NORTH TAMPA — Among hundreds of portraits of dead drug abusers on the walls at the Museum of Science and Industry is the face of a woman with a captivating smile, trim eyebrows and auburn hair.
Jennifer Reynolds-Gonzalez died on Jan. 15, 2009, at age 29.
Her family wrote up a few brief words by her picture:
She was a daughter. Her family loves her forever.
But her mother is dying to say much more.
The exhibit, "Target America: Opening Eyes to the Damage Drugs Cause," presents the historical impact of illegal drugs in gripping fashion. The yearlong display is filled with hypodermic needles, crude drug labs, meth-cursed hotel rooms, terrorist faces and sad portraits of people who wasted away from drugs.
Haunting relics include car wreckage caused by drugs, ghostly abandoned tricycles and dirty glass bottles.
But it's the faces that stand out to many. Portraits of drug addicts hang on walls labeled "lost talent." Others, such as Reynolds-Gonzalez, are featured in sideshows labeled "lost potential."
She grew up in Largo, then went from apartments to hotel rooms in Tampa and other parts of the Tampa Bay area. When Sharon Blair learned that her daughter was part of the exhibit, she contacted local reporters. She saw it as another opportunity to promote her cause, the Jennifer Act.
For two years Blair has been pushing changes to the Marchman Act, which provides help for addicts. Blair, 54, lives part time in Bloomington, Ind., and in Clearwater, where she and her husband own a printing business. She is pushing for similar improvements in Indiana.
The Marchman Act is a broad 18-year-old Florida law that defines the rights of and state services available to drug users. Named after the Rev. Hal S. Marchman, an advocate for alcoholics and addicts, the law helps family members get substance abuse treatment for loved ones.
For 13 years, Blair tried to save her daughter, who began using drugs in high school. Jennifer was a cheerleader who was active in student government, but got caught up with older friends who introduced her to drugs. She smoked marijuana, dropped out of school, used cocaine and heroin, popped prescription pills, and went in and out of treatment centers. In response, Blair filed repeated Marchman Act petitions, found her treatment, watched her relapse, begged for state help and repeated the cycle.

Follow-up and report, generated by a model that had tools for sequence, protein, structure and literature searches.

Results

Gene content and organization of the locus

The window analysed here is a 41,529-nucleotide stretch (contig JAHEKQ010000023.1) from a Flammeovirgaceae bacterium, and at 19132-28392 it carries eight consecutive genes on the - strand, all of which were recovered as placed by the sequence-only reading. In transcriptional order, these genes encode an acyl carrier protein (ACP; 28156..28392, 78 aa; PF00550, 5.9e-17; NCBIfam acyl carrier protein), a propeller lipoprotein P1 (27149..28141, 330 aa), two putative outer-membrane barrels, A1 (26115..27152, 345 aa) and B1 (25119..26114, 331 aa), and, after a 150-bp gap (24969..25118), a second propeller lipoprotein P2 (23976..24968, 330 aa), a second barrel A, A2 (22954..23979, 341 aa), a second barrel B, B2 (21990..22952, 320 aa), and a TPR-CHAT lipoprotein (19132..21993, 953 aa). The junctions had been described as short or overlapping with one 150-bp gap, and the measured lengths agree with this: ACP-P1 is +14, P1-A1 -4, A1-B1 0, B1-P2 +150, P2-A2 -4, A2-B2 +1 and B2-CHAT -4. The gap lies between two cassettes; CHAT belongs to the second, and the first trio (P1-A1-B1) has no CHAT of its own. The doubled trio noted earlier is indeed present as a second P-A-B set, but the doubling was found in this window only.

She filed five Marchman Act petitions for Jennifer in Pinellas, Hillsborough and Hardee counties and saw huge discrepancies in how counties handled the state law. Filing fees were free in one county, $300 in another. Some judges refused to order a drug assessment; others ordered Jennifer into outpatient treatment they couldn't enforce.
"It kept going on and on and on," Blair said. "She would get treatment, then she would relapse and she would get arrested and I'd go in front of the judge and I'd write everyone to help me because my child was dying."
After Jennifer died of an accidental overdose of prescription painkillers and other drugs, Blair couldn't turn away from her years of advocacy. She began looking at fixing flaws she saw in the Marchman Act.
The list of improvements she proposes in the Jennifer Act is long: Blair thinks filing fees should be the same across Florida. Law enforcement and judges should be educated about drug addiction and state laws. The Office of Drug Control, judges and family members should get copies of treatment center evaluations and decisions. Every county should have lockdown facilities for addicts. The state should make sure there are enough detox and treatment beds. Families should be able to choose faith-based treatment.
For two years Blair lobbied Rep. Darryl Rouson, D-St. Petersburg, and state Sen. Jack Latvala, R-St. Petersburg, to take up her cause. Both showed interest but found the fiscal impact too much for a state's sagging economy.
"It's something he's interested in," said Rouson's legislative assistant, Barclay Harless. "Sharon Blair's tragedy and what she proposed I know the representative supports, and it's a goal that he wants to achieve."
Latvala's chief legislative assistant, Jennifer Wilson, said: "The senator is looking at possibly filing something like it this year, maybe not as extensive as the Jennifer Act."
Blair's attempts in Indiana to pass a similar law also faced cost issues.
But each year, she keeps trying, using her website — thejenniferact.com — as a pulpit. She spends most of her time blogging about drugs, addiction and prescription pill abuse while returning e-mails and phone calls from people trying to navigate bureaucratic systems to find treatment options for loved ones.
If there was a reason Jennifer died, Blair believes it was this mission. "I'm a Christian lady. I'm not a politician or anything. I'm just a mother who tried so hard to save my child. I can't put into words how hard it is, but I believe God gave me a reason."
She regrets that her daughter's picture at MOSI doesn't include a few words about the Jennifer Act. She said the picture, which came from a local drug task force that includes law enforcement and judicial representatives, families and treatment officials, was donated to the exhibit before she could have any input.
She hopes MOSI visitors will dig deeper into Jennifer's story, something many families of victims featured in "Target America" also want.
"A lot of them feel, as part of their recovery and healing process, that if they are able to get out and tell the costs and consequences of drug abuse they can prevent the same thing," said David Melenkevitz, a Miami spokesman with the Drug Enforcement Administration, which is sponsoring the exhibit.
That's all Blair wants.
Justin George can be reached at (813) 226-3368 or firstname.lastname@example.org.